RMS Titanic struck an iceberg and sank at 2:20 in the morning, resulting in the deaths of 1,517 people.
The following article is from Proceedings #158 1915.
Loss of the Titanic
The Titanic was a triple-screw liner of 46,300 tons gross, belonging to the White Star Line. She had 15 transverse water-tight bulkheads. Their water-tightness extended up to D deck abaft bulkhead K and forward of bulkhead B. Bulkhead A extended to C deck, but was water-tight only to D deck.
G deck in the after peak tank, and the orIop deck in the fore peak tank and abaft the turbine engine-room (bulkhead M) were water-tight. Elsewhere no decks were water-tight except over small areas. There was a structure some distance in from the ship’s side in the electric machinery compartment forming six water-tight compartments, used as fresh-water tanks. There were 111 all 29 water-tight compartments above the inner bottom.
There was an inner bottom about 5 feet from the outer skin, extending from bulkhead A to 20 feet forward of bulkhead P. For about half the length of the ship the inner bottom extended to a height of 7 feet above the keel, but at the ends of the ship it did not extend to such a height. The space between inner and outer bottoms was divided into 44 water-tight compartments. Bulkheads A, Band P were without openings. All the other bulkheads had water-tight doors. Bulkheads D to 0 inclusive each had a vertical, sliding, water-tight door at the level of the floor of the engine and boiler-rooms.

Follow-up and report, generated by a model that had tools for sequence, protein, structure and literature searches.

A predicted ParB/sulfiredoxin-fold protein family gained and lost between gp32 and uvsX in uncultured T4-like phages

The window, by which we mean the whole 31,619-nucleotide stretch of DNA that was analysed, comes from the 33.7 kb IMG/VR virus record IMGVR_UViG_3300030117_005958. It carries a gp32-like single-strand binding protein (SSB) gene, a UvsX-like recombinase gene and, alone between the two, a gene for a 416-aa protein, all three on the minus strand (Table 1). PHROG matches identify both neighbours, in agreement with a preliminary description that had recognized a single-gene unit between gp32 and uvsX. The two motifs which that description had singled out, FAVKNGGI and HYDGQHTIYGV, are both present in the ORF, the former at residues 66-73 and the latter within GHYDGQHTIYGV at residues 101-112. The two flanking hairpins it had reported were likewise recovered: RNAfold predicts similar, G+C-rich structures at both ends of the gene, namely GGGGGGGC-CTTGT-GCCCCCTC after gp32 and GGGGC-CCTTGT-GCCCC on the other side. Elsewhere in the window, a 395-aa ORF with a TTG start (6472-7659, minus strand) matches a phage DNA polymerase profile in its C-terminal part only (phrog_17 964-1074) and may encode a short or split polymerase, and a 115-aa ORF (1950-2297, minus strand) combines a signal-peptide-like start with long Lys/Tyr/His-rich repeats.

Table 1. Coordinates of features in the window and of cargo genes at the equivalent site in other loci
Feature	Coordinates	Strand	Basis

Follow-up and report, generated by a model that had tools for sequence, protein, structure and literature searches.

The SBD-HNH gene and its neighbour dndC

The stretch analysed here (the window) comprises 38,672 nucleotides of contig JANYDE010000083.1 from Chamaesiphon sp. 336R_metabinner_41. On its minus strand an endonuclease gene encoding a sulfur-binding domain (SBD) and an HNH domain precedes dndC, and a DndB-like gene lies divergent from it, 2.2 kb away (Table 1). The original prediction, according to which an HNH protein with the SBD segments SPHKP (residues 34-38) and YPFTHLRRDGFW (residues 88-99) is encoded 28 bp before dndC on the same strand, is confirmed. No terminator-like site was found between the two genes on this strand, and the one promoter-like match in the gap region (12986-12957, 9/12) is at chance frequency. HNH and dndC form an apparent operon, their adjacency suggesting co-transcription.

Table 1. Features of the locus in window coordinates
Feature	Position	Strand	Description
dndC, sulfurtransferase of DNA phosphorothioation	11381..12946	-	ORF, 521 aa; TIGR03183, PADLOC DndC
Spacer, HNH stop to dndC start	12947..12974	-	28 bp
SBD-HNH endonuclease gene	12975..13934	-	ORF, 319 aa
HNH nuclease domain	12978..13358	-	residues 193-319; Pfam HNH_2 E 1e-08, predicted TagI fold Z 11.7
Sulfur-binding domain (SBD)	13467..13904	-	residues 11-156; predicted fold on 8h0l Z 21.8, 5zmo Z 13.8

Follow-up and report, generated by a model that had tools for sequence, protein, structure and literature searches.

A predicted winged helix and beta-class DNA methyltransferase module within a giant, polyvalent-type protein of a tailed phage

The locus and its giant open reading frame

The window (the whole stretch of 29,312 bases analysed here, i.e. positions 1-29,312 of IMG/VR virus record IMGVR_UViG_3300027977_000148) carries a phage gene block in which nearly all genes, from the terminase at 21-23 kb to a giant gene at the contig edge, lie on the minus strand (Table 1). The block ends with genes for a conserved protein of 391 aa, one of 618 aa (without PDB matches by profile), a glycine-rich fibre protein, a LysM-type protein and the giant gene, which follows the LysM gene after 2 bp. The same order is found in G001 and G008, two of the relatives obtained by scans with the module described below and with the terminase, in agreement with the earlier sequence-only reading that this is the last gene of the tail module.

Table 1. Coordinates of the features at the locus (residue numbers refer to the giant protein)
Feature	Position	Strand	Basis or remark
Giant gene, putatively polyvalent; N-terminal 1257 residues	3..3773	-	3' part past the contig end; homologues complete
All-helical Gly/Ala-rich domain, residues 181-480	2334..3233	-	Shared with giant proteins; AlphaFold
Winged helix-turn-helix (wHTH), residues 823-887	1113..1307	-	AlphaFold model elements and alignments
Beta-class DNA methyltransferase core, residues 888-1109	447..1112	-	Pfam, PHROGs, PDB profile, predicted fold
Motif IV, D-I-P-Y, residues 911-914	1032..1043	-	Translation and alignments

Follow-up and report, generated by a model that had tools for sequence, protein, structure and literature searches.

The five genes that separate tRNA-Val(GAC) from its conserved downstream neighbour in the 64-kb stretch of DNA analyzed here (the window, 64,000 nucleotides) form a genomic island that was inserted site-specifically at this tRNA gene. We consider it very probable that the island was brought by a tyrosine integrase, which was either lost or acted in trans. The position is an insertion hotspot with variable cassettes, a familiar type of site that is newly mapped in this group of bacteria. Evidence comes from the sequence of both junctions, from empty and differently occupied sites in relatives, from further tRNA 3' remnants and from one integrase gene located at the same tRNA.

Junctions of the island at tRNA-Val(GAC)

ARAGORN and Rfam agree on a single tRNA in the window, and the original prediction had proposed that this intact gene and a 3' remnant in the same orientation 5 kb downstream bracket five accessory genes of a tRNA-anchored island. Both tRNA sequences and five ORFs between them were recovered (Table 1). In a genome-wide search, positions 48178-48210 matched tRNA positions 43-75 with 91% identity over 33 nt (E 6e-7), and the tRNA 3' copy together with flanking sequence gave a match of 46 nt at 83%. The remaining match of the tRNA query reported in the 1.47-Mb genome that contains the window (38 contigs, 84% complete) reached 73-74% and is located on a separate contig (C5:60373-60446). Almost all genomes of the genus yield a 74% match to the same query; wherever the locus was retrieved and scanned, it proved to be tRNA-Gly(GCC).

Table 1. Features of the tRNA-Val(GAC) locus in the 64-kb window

The Titanic collided with an iceberg at 11040 p. m. on April 14, 1912. The starboard side was ripped open at a height of 10 feet above the keel and for a distance of 300 feet. The fore peak, No. 1 hold, No. 2 hold, No. 3 hold and the forward boiler-room (No.6) were damaged to such an extent that the inflow of water was beyond the capacity of the pumps. The second boiler-room (No.5) was damaged so that water poured in as it would from an ordinary fire hose. The upper part of the fore peak was not flooded until the bow of the ship was submerged to deck C, when water poured down the scuttle, filling the compartment.
Since the ship was designed to keep afloat with two of her main transverse compartments flooded, it is easy to see that the injury received was a fatal one. The flooding of the five forward compartments caused the water to rise above the top of bulkhead E and to pour down into boiler-room’ No. 5 and fill it up until the water rose above the top of bulkhead F and flooded the next boiler-room, and so on until the ship sank. If the forward five compartments had been completely flooded, the ship could still have been saved had the bulkhead deck (deck E, amidships) been made effectively water-tight, as it had water-tight trunks, extending up to C deck, around all openings in the bulkhead deck.
No evidence was brought forward in the investigation to prove that the water-tight doors did not function properly or had any influence on the sinking of the ship, or that any bulkheads failed. There is some doubt, however, as to whether the bulkheads, which were only single riveted, could have stood up long enough to enable the ship to reach port in safety under her own steam.